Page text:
Never too old for a hero.
The first snow flakes have been falling in the Alps, and there have also been huge chunky snowflakes falling in Wanaka, NZ as they head into spring. Both places I have been so lucky to live in and call home for a while. Having spent ten years following the snow between the northern and Southern Hemispheres, this is about the time where my mind still feels like it's time to move to the mountains. Although I don't have any concrete plans to do that right now, my feet are itching for ski boots... no, that's a lie. My feet hate ski boots. My mind is dreaming of snow.
I grew up in Northamptonshire, which I loved. It's beautifully flat with huge skies, but no mountains and rarely any snow. But on the TV, was the most wonderful program called Ski Sunday. The theme tune alone was worth tuning in for, but the excitement of the skiing kept me glued to the TV.
Not only that, but the BBC would show The Lion, The Witch and The Wardrobe right before Ski Sunday. Snow and snow and snow! It was a truly life changing combo for me. I was instantly obsessed with the snow.
The same year, we had a family holiday to Aviemore and I saw actual skis, and an actual dry slope and I went on an real chairlift. It didn't matter that it was summer, I thought this was the best thing ever. I was hooked.
And so, on my return to school that year, I was asked to create a little book about me, you know, where you draw your family tree, and your house and all of those things. And in mine, I said that skiing was one of my favourite hobbies!! Ha! I didn't know anyone who skied regularly, I had never been and it was purely on the back of watching Ski Sunday, a ride on a chairlift and seeing some skis up in Aviemore.
I am fascinated by the fact that I knew how much I would love this, and when I got to have a go aged 13, it was truly EVERYTHING I wanted it to be. It didn't matter that I crashed through three fences and snapped my skis on day one, this was my favourite thing ever. To this day (loved ones aside) it is the thing I have loved the most in my life.
I went on to do ten years of back to back winters between the USA/Europe and summers in NZ. I pinch myself when I realise what I got to do and have so many happy memories. It has certainly come with its fair share of trials, crashes, a broken leg, multiple knee surgeries and plenty of gritty days training or teaching in adverse conditions. But I learnt to enjoy adversity, to seek it out...train hard fight easy.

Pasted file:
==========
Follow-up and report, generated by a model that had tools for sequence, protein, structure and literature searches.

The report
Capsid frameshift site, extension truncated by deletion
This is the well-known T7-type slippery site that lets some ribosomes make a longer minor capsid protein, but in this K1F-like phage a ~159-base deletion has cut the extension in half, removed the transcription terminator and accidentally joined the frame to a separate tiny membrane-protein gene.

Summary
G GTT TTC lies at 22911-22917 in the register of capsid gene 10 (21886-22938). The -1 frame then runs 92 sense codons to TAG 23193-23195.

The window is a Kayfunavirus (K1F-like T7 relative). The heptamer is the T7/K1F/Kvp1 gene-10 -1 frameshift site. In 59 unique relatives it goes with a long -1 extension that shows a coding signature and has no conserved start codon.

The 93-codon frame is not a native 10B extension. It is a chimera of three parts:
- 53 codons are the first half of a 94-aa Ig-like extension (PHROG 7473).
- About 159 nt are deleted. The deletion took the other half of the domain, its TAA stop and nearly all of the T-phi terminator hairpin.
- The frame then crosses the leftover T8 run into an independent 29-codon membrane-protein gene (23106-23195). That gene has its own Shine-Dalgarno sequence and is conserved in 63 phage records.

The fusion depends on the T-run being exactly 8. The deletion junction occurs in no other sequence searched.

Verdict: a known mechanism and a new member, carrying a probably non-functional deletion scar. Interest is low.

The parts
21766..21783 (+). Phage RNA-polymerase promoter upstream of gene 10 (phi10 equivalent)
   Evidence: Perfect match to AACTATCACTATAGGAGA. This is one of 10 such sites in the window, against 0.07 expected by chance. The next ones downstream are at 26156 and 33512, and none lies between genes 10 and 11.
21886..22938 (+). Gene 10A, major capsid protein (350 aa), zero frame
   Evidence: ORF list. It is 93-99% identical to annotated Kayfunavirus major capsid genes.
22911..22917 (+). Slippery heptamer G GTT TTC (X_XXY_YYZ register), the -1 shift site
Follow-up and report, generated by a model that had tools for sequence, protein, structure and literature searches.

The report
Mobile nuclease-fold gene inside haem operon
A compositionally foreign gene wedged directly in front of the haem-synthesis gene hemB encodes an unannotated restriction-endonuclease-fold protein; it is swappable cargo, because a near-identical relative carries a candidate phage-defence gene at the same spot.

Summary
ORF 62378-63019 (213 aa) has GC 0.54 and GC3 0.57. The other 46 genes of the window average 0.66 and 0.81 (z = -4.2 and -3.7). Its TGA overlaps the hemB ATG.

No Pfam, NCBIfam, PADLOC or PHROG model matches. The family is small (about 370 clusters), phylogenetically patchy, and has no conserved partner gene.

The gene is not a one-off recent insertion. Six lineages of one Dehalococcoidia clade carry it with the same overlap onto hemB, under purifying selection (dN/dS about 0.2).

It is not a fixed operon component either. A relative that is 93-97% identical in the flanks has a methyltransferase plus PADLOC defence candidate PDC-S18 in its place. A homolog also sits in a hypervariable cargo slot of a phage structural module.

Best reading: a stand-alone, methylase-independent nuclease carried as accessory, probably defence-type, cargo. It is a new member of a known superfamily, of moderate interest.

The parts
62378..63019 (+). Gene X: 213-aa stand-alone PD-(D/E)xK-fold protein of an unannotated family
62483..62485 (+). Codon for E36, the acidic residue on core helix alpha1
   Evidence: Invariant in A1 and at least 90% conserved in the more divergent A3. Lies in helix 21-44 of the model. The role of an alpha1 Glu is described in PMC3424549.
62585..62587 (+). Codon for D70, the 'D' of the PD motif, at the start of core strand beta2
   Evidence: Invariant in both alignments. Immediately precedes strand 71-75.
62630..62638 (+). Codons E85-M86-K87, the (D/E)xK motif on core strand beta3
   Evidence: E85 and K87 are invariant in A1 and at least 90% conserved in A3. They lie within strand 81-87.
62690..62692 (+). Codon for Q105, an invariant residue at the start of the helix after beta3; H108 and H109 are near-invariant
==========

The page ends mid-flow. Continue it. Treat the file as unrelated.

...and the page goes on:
(Photo credits: Grand Gunderson & Ed Bloomfield)
By the time the Eddie the Eagle movie came out in 2016, I knew I had to see it. I didn't remember much about him, being little when he was doing his thing. I absolutely loved the movie and watched it with both pure joy and tears streaming down my face. I had been working towards the British level 4 qualification, which meant a race test. I'd never been round a set of gates until I was 31 (after a broken leg and 3 knee surgeries only 2 years before). I had set myself up for a challenge thats for sure. But it was in my heart and I had to give it a go. I watched Eddie's emotional journey play out on screen and it felt so close to home. Although I wasn't going to for the olympics, I knew how it felt to push for something and to come away a split second off the mark, along with the worries and emotional energy it takes to pick yourself up and go again.
I wrote to Eddie the day after I watched the movie. I wondered if I was a little too old to send fan mail, but I thought I'd do it anyway, and who wouldn't want to know that they had inspired someone somewhere. So I bought him a card and googled his address, hoping it would find him. I don't know if it ever did, but I hope so. I decided you're never to old to find a hero, and I thanked him for keeping me going while I was chasing my dream.
I listened to the soundtrack while I kept training. It's full of amazing classics like 'You make my dreams come true' by Hall and Oates, but the music composed by Mathew Margeson for the movie is also ace. I found it really motivating while I was getting my head in gear to feel connected to such an inspiring story.
I chose to walk away from that dream before I quite got there. I believe I could have made it, but it started to become at the expense of a lot of important things, possibly my mental health too, and in the end, for what? It is sometimes harder to walk away than it is to keep going, for me it is anyway. But when you're googling 'Sunk Cost Fallacy' it's probably time to stop. There are so many variables in winter sports, there is so much uncertainty and the dice can roll your way, or not, in an instant. I love this about it, it keeps you on your toes and teaches you so many amazing lessons, but it is tricky.
I drew this the day before my last ski exam. We had an unprecedented amount of snow which meant the resort kept shutting and the first 2 days of my 5 day exam were cancelled and the next ones were going to be tough. I sat feeling stressed about things far beyond my control, having not been able to train properly for a couple of weeks before either due to the storms. Sometimes the universe gives you what you want. Other times it gives you what you need. That January was truly a case of riding out a giant slap in the face pushing me to start a new chapter. But I decided to face it head on and ride out into the storm with my head held high.
The moments in the film where Eddie thinks it's over for him, are the ones that I find the hardest to watch. But I am genuinely happy that I got as far as I did, and it was time for a new chapter which has led me to here, and to you. Quite the magical place. Not only that, but it's a place where I am learning to do things for fun, free of the need for the validation of badges. I literally had a badge collection, so this is a hard thing for me to learn, but I think it will be a worthwhile one. And I will ALWAYS. LOVE. The snow. x